Derek Brower: Do svidaniia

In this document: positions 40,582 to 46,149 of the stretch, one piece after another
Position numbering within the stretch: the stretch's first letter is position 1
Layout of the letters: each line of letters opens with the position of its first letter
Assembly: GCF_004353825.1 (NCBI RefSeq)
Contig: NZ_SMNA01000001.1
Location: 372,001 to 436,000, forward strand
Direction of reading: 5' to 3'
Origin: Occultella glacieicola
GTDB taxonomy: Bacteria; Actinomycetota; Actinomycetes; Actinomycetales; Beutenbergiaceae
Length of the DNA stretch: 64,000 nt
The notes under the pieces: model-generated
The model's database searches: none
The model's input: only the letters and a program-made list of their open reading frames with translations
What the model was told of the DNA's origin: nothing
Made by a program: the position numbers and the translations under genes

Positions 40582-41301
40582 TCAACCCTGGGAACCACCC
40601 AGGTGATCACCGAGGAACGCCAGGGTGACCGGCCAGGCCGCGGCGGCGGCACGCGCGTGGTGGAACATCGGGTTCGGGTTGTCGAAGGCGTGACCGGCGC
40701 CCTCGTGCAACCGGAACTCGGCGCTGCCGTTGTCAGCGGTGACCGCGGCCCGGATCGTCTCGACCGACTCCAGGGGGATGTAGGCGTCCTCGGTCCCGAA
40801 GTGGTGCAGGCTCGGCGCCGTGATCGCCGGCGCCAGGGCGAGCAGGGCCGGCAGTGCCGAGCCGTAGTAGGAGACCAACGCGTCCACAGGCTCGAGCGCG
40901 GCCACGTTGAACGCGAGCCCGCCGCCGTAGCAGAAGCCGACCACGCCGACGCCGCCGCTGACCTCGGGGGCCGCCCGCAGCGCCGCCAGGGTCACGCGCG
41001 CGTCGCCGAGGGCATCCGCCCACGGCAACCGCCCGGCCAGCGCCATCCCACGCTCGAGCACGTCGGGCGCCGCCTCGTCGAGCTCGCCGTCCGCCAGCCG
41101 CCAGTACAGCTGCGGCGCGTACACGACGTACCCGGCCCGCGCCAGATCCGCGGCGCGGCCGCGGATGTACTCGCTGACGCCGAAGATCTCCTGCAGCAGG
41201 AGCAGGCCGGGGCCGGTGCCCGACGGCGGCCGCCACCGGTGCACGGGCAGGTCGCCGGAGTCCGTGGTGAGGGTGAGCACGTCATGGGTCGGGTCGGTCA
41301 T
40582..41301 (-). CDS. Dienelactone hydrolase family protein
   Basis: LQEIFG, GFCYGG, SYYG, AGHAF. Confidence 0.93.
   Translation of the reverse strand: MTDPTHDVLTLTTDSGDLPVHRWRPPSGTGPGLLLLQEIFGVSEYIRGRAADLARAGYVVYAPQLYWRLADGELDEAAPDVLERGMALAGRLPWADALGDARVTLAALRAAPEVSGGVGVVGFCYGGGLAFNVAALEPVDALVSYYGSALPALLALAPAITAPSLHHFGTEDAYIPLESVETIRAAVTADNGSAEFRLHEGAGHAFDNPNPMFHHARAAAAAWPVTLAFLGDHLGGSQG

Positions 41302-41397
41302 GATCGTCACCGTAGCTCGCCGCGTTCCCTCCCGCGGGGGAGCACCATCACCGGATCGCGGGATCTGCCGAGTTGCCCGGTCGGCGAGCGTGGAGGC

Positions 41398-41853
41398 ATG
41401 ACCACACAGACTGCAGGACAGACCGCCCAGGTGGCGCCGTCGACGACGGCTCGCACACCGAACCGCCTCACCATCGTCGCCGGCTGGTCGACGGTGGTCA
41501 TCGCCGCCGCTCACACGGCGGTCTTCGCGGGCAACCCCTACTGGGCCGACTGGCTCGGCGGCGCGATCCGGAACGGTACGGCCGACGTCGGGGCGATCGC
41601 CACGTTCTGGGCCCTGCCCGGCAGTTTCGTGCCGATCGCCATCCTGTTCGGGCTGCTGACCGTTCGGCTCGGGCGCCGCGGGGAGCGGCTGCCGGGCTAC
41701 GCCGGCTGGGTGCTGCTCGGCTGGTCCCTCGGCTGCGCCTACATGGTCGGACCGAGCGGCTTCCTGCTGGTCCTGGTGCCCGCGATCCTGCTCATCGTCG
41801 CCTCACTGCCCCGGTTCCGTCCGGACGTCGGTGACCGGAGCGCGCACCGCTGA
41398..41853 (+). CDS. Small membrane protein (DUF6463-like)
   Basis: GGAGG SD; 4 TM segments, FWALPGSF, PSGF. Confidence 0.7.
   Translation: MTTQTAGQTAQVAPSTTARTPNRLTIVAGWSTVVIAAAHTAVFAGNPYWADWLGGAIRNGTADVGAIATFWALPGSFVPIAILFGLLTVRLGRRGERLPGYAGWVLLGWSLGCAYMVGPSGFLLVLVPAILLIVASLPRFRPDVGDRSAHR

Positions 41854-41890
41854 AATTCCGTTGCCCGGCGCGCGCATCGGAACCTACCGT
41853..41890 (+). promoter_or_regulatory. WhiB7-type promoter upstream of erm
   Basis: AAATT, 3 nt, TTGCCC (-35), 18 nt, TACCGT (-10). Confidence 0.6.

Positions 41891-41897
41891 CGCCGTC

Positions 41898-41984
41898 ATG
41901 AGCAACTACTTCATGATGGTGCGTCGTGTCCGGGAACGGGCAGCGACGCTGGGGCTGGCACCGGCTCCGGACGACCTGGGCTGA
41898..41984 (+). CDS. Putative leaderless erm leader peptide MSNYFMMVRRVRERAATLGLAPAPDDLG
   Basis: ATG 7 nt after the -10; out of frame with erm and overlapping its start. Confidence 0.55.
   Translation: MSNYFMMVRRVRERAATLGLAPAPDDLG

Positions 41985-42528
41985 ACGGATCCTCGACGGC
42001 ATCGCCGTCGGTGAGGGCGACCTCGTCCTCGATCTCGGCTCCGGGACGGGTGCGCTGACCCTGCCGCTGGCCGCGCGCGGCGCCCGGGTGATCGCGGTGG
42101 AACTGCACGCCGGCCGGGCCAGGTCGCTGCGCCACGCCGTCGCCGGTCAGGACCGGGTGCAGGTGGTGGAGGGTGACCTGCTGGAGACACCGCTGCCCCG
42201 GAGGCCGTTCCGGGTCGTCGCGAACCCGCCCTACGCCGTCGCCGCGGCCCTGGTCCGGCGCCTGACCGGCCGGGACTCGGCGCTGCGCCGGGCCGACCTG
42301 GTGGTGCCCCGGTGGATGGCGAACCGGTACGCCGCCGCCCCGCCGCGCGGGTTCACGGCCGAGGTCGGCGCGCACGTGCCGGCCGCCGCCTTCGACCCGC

The 10th Russian Economic Forum in London could be the last By Derek Brower, journalist IT ENDED as it began: not with a bang, but a whimper. And it could be the last time London hosts a Russia Economic Forum (REF), predicted some of the delegates attending the event earlier this week. That it was overshadowed by the death of Boris Yeltsin was, perhaps, fitting. A legacy of the Yeltsin era, the REF, with its reputation for frank speaking and political controversy, was beginning to look like a misfit in the Putin period. The list of those who withdrew under pressure from Moscow was impressive. No Sergei Bogdanchikov, head of Rosneft. No Alexander Medvedev, of Gazprom. No German Gref, trade minister of Russia. And so on. The list even included foreign businessmen, like Fulvio Conti, of Italy’s Enel. This year’s REF became an event not to be seen at. Alexander Lebedev, one of the only major politicians to turn up, wondered aloud whether he’d be allowed to return home afterwards. Many of those did attend also seemed keen to ensure it wouldn’t be held against them. A host of bankers reiterated a common line, that “stability” under Putin had become key to Russia’s remarkable economic growth and the rapid growth in mergers and acquisitions activity in the country last year (worth some $70bn, according to Ernst & Young). But the fluff bored some listeners. “Too many investors talking up their portfolios,” said one delegate about the forum’s first day. “They would say that, wouldn’t they.” Amid the banality of the opening session, the greatest controversy came when a Dow Jones reporter took exception to the repeated inference that journalists were somehow to blame for the negative image of Putin’s Russia. “Did journalists cut off the oil to German refineries earlier this year?” he asked. “Did journalists kill Alexander Litvinenko?” To applause in the auditorium – and admiration in the press room – he concluded by asking how the Kremlin could expect reporters’ cooperation when “journalists continue to be killed with impunity”. His question was directed to Hans-Joerg Rudloff, chairman of Barclays Capital and one of Putin’s most dogged cheer leaders. Rudloff had earlier warned Russia that its economic boom could be unsustainable. But put on the spot, he praised Putin’s government further, dodged the awkward questions, and advised simply that journalists “be fair”. More applause. How to lose friends and influence fewer people That journalists are to blame for Russia’s ills was a refrain repeated many times at the forum. Ironically, given such concerns among its supporters, the Kremlin decision to boycott the event – and probably sink it for good – hardly helps to redress the image problem. Not even Rudloff or the enthusiasm of Renaissance Capital and other heavyweights from the Russian investment scene could prevent the REF from becoming another PR blunder. Russia’s political risks were the elephant-in-the-sitting-room of the forum. Everyone knows it is the main issue, but no-one wants to talk about it. Few speakers strayed far from statistics about Russia’s growth and economic potential. Lots of talk about mega-salaries and new headquarters in Moscow; not much talk about human rights or press freedom; and only veiled references to economic nationalism and corruption. The closest many of the key-note speakers got to voicing criticism of the direction of Putin’s Russia was a plea from Alexei Gurin, chief executive of tyre maker Amtel-Vredestein, that the country diversify its economy. Real criticism was left to a handful of Russia’s remaining prominent critics, who enlivened the forum’s last afternoon with a heated discussion of the 2008 “succession question”. The absence of the Kremlin’s heavy-hitters surrendered some of the rhetorical ground to these speakers, which included Boris Nemtsov, a former prime minister and close ally of Boris Yeltsin, Lilya Shevtsova, from the Moscow Carnegie Centre, and Andrei Vasiliev, editor-in-chief of Kommersant. Nemtsov told a crowd gathered to hear a discussion about the presidential elections in 2008 that Putin had systematically rolled back all of the reforms of the Yeltsin era. Censorship has replaced liberty, he said, and nationalisation has replaced privatisation. And in international relations, the Kremlin had squandered all of the good will that Yeltsin’s presidency had gained. “His physical death comes after the destruction of everything that he achieved.” “Yeltsin will be remembered in history as an outstanding figure who tried to liberate Russia. I don’t know what Putin’s legacy will be,” he said. Such enthusiasm for Yeltsin is hardly widespread in Russia, where the image of the Yeltsin years for many remains one of chaos and corruption. But, said Shevtsova, the apparent stability of the Putin regime could soon be undermined, too. That is because it remains in the President’s interests to ensure that no clarity over the succession issue emerges, she said. “Putin cannot allow certainty because he would become a lame duck president.” That logic remains behind the cultivating of “horizontal” competition – such as the apparent race between the two presidential hopefuls Dmitry Medvedev and Sergei Ivanov; or the balancing of factions in the Duma – as a means of retaining his own “vertical” power. Such uncertainty is one of the paradoxes of Putinism, said Shevtsova. Business likes stability, but Putin’s own strategy could undermine it. And she predicted that after 2008, a new regime could unleash its own fundamental changes, just as Putin had done after Yeltsin. Eventica, the REF’s organisers, will hope that such uncertainty means next year’s forum, scheduled to take place after the presidential elections, remains in demand. But in the fog of Russian cigarette smoke outside the conference rooms, others lamented the passing of an era. “The forum is finished,” said one delegate. “Next year it will be in Petersburg or nowhere.”